Best Buy Logo Redesign Hopes to Inspire Brighter Future for Retail
Omnichannel giant Best Buy has refreshed their logo into something a bit more minimalistic, downplaying the otherwise iconic bright yellow price tag that rolled out nearly three decades ago.
The move makes sense, price tags - much like floppy disks, dial tones, and fast forward buttons - are a bit archaic even if they have begun to represent something entirely different. According to Best Buy, the rebranding is part of a Best Buy 2020 program explaining that "as we focus on enriching people’s lives through technology, we’re expanding what we sell and evolving how we sell it. And now our brand’s evolving, too." Best buy also states that the "modernized logo" reflects an appeal to "real conversations." The latest campaign efforts, launching May 13, "focus on the Best Buy shopping experience, not just the products we sell" and evolving the retail experience. And to their credit, Best Buy really has shaped a new generation of retail. The experience center mantra has permeated far and beyond just big box and independent retailers, even custom installation vets are starting to see the benefits. On the other hand, lots of modern-day companies are flocking to a minimalist look and I don't think they have the same ambitious message Best Buy is looking to envoke.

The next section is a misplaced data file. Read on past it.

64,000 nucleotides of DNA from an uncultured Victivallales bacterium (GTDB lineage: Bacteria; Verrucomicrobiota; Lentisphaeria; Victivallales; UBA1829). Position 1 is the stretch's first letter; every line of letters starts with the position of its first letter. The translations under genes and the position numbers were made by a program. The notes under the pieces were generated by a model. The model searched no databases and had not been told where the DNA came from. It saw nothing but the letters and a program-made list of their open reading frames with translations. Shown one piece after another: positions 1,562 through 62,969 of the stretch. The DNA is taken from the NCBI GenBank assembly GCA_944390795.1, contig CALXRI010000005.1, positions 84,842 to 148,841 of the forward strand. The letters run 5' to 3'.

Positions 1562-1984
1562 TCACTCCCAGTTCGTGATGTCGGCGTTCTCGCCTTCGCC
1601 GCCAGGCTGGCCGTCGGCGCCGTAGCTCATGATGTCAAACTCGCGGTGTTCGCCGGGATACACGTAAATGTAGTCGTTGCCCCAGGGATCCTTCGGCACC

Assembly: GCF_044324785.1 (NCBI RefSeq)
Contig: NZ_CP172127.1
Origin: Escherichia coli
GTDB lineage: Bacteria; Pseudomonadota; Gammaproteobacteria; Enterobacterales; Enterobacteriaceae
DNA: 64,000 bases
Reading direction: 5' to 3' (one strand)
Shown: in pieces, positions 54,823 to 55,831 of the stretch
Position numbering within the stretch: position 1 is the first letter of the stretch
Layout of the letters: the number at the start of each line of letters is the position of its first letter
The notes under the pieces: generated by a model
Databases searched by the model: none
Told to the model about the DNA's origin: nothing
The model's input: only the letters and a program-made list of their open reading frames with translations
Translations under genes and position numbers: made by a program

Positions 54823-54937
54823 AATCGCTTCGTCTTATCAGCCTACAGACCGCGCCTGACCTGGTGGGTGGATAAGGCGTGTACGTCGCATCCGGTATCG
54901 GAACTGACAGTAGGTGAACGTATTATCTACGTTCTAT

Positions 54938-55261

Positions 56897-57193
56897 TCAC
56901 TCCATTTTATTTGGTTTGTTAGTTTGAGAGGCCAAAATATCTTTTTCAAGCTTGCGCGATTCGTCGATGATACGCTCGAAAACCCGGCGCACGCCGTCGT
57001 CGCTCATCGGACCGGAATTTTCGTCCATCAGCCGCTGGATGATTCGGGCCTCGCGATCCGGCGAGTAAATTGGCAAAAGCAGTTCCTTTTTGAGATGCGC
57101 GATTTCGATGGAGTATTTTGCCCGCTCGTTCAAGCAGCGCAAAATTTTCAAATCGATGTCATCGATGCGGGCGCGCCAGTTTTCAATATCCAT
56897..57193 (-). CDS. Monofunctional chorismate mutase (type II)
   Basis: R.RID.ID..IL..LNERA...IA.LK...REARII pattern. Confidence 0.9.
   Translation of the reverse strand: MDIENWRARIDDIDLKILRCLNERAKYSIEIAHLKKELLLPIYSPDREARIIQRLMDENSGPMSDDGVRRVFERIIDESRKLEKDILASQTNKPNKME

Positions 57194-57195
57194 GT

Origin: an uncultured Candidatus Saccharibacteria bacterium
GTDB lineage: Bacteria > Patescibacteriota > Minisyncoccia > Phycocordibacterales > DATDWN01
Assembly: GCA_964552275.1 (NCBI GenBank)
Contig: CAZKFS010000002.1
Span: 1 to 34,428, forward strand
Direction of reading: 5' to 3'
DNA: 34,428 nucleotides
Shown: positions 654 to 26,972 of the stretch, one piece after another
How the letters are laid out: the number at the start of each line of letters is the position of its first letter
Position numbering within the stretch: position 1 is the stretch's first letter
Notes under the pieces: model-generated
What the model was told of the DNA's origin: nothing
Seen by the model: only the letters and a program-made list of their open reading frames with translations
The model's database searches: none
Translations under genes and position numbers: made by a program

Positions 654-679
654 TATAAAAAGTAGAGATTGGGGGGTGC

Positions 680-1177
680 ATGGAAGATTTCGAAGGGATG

ZTE has become the latest victim in the trade and technology war that’s unfolding between China and the United States, closing down their global operations. The message comes from a ZTE press release, explaining that "[as] a result of the Denial Order, the major operating activities of the Company have ceased." The denial order is a result of the U.S. Department of Commerce announcing a seven-year export restriction on the company after ZTE was found violating sanctions between 2010 and 2016 by shipping telecom equipment to Iran and North Korea. That effectively banned U.S. component makers from selling to ZTE as well. That accounts for nearly 25 percent of ZTE's phone components, including Qualcomm chips and Google's Android software stack. On top of all that, ZTE had acknowledged the wrongdoing and paid the price to the tune of $890 million. However, Trump administration has continued to accuse ZTE of lying to the government, citing that the same employees that were to be punished actually received raises. Until now, ZTE held China's number-two smartphone maker spot and was the number-four smartphone vendor in America. After the news, they are "actively communicating with the relevant US government departments" as well as courting American manufacturers to seek any sort of workaround. This is yet another chapter in the long rift between the United States and China, with Huawei being the poster child of hardships. And in the last year, the Trump administration has blocked at least two deals that would have put US semiconductor firms under the control of Chinese companies reports ArsTechnica.